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In the answer to this question, a message counter is used to protect against replay attacks. Could a key ratchet be used instead? The basic idea is that with every message sent, the symmetric encryption key is replaced with a hash of itself. The receiver can then reject any messages that use previous keys.

The benefit of this approach is that a counter doesn't need to be sent on the wire, so bandwidth is saved. I'm designing a system where bandwidth is constrained, but computation not so much so performing a hash with every message is not a problem (and having the receiver possibly try multiple keys in the case of message loss is not a problem either).

Is using a key ratchet any less effective at protecting against replay attacks than a message counter? Are there any other reasons not to use such an approach?

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  • $\begingroup$ If you can keep a ratchet in sync then you should also be able to keep a counter in sync, right? $\endgroup$ – Maarten Bodewes Mar 11 '17 at 16:47
  • $\begingroup$ Sure, but a counter takes bandwidth (the counter needs to be sent) whereas a ratchet doesn't $\endgroup$ – awelkie Mar 11 '17 at 16:52
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    $\begingroup$ Why does the counter need to be sent? $\endgroup$ – Maarten Bodewes Mar 11 '17 at 17:23
  • $\begingroup$ Oh, I guess it doesn't. You could use the counter as an initialization vector. This sounds very similar to using the ratchet, and it might be a better alternative for my use case. $\endgroup$ – awelkie Mar 11 '17 at 18:59
  • $\begingroup$ Note that I'm not advocating the use of the counter or ratchet, it's just that I didn't get the argument in the question. $\endgroup$ – Maarten Bodewes Mar 11 '17 at 19:21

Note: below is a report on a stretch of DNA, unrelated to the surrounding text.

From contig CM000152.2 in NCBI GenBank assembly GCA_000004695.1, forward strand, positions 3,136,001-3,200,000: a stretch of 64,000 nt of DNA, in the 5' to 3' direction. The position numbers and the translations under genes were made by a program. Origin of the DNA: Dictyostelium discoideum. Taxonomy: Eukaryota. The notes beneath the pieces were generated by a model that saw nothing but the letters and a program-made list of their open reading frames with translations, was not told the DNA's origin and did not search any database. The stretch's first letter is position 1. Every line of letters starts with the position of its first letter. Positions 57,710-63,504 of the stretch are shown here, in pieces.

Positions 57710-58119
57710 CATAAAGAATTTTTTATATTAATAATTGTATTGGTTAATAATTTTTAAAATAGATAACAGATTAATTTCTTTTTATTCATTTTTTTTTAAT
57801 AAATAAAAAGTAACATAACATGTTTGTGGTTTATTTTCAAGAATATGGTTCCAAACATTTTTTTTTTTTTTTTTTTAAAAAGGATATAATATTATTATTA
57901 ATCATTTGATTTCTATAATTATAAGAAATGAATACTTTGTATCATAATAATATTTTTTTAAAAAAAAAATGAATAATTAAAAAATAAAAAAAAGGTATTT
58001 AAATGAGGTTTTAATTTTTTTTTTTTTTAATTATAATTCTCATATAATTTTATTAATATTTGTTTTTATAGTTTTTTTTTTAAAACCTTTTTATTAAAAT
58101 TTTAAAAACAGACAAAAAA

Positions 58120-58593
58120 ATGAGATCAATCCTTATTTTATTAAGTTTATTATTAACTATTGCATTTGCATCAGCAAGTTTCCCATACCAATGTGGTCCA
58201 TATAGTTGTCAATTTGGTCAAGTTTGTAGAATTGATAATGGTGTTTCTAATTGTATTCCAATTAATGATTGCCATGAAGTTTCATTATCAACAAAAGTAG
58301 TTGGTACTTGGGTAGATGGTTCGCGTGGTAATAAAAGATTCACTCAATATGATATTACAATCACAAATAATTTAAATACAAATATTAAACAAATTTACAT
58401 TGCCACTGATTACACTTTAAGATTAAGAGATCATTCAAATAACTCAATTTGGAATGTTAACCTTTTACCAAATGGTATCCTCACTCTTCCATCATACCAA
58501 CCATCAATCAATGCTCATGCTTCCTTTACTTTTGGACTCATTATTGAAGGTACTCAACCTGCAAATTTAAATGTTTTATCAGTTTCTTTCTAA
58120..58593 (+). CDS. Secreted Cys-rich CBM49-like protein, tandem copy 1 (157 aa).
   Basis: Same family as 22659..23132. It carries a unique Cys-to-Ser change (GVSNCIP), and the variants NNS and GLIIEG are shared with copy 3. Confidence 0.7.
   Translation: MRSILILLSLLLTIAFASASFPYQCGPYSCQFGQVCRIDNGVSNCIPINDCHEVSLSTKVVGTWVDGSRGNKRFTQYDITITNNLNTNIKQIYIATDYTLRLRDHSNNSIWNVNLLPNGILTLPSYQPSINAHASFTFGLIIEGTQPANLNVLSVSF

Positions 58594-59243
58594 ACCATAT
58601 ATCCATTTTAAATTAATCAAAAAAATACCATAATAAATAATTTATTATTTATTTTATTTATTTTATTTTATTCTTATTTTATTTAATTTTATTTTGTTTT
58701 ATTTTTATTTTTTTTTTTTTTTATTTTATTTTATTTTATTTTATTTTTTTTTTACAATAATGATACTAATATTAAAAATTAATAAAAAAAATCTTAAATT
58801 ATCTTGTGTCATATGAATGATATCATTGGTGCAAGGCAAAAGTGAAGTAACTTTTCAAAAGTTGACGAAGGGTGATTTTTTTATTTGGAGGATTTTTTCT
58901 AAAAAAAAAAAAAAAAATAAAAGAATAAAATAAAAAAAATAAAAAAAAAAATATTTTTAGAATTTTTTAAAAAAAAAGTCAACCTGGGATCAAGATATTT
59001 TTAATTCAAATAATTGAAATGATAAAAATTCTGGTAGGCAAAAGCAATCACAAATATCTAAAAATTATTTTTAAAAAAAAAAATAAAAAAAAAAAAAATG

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Yes, a ratchet is an effective way of preventing replay attacks. For example, the Signal Protocol does this (for reasons other than replay protection), and it is stated in a blog post that the replay protection "comes for free".

Since your transport protocol can lose messages, I would assume it also does not guarantee the ordering, so you will have to store some skipped keys. In fact, the Signal Protocol I just mentioned still sends a counter for this bookkeeping reason as you can see in the actual specification. You will have to decide if trying the skipped keys in order is computationally feasible. This issue is related to the first attack scenario described in the first answer of the question you linked: an attacker who can hold back messages and replay them at a later time would still be successful.

If you do not authenticate your messages, this scheme also enables DoS attacks - an attacker simply has to send enough messages to fill up the buffer of stored keys, and you will not be able to decrypt legitimate messages. While this prevents an attacker from using garbage data as keys, he can still use old messages with legitimate keys for this purpose. The result is that you have to keep track of old keys as well, add a counter, or invalidate old authentication tags by e.g. also evolving the key material used for signing.

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